To the Bone opens with two alien stick figures walking down a bright corridor. It’s peaceful, as the beings glide from the light towards the camera.
….and into a group therapy session/art class. A girl is feigning righteous anger at magazines for promoting thinness, when a sarcastic voice interrupts.
“Ugh. Society’s to blame. The world is so unfair. I have to die.” Meet Ellen (Lily Collins), a twenty-year-old anorexic artist bored out of her mind. “There’s no point in blaming everybody. Live with it,” she sneers, before holding up a crude sign saying “suck my skinny balls.”
Not eating makes you cranky. The anorexic Queen of Shade – in off-duty model chic – goes to the middle-class Californian home of her stepmother and half-sister, where she does sit-ups, counts calories, and misses meals. Anorexic stuff.
Ellen’s mother and her lesbian partner are living at their ranch in Arizona and “feeling blessed” on Facebook. Ellen’s father is always working, and interestingly, he’s never onscreen.
His wife, Ellen’s stepmom, played by Carrie Preston, is the driving force behind finding a new specialist, Dr Beckham. He’s described as ‘unconventional’, although it’s not clear why. Perhaps because he’s good-looking and played by Keanu Reeves. He agrees to treat Ellen, as long as she is admitted as an inpatient.
She moves to Threshold, a facility for young people with anorexia and other types of eating disorder such as bulimia and binge eating disorder. Here she befriends a young Brit patient named Luke, who is an annoying show-off. He already knows who Ellen is, thanks to a whole angsty subplot about her Tumblr artwork supposedly inspiring a girl’s suicide.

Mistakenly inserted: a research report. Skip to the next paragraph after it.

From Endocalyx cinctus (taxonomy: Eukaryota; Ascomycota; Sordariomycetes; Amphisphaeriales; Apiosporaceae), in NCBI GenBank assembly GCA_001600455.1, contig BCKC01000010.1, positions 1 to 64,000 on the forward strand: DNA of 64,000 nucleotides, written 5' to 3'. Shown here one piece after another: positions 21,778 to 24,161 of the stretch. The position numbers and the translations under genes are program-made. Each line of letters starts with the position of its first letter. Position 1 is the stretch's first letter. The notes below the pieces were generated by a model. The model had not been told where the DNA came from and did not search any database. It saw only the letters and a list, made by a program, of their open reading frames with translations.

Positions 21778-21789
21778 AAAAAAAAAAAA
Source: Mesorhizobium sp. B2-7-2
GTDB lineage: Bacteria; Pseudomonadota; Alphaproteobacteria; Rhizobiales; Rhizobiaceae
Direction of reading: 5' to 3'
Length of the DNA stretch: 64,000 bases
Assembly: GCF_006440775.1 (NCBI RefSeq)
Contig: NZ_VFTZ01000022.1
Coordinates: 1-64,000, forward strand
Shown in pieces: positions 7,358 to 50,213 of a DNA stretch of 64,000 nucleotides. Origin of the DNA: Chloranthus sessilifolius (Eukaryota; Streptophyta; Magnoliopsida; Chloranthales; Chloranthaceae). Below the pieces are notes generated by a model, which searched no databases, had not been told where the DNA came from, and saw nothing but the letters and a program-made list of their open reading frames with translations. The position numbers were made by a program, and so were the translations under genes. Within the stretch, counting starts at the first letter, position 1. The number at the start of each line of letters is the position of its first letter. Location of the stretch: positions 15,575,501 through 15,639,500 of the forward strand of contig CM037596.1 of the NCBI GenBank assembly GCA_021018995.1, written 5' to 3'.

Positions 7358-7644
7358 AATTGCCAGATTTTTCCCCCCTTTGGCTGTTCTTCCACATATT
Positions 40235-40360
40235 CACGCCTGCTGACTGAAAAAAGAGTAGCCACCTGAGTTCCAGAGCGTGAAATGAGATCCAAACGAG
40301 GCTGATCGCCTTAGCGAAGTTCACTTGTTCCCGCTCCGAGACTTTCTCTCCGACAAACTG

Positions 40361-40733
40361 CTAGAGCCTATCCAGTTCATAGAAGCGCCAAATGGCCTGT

Family therapy with Keanu Reeves proves to be a waste of time, although it does allow the film to communicate the contemporary understanding that eating disorders are complex conditions with no single ’cause’. The film is also good at portraying the powerlessness and frustration that families often feel.
Viewers are likely to be as confused as Ellen’s sister, wondering why she doesn’t “just eat.” Anorexia is abstract and internal. Films can show emaciation with weight loss, body doubles, makeup and CGI. But anorexic thoughts, or a compulsive urge to get ‘down to the bone’, is a challenge for storytellers.
Perhaps anorexia could be better explored through fantastical, less literal means. To the Bone’s opening moments promised something more creative, and Ellen’s out-of-body experience where she sees her malnourished form with a different lens also had the inkling of something more original.
As balance, there’s a cringe-making dance scene that goes on forever, as artsy dance scenes tend to do.
Verdict: Lily Collins proves there is more to life than being beautiful and the product of nepotism. To the Bone is a conventional teen drama, with a message of hope, recovery, and fighting for your own identity.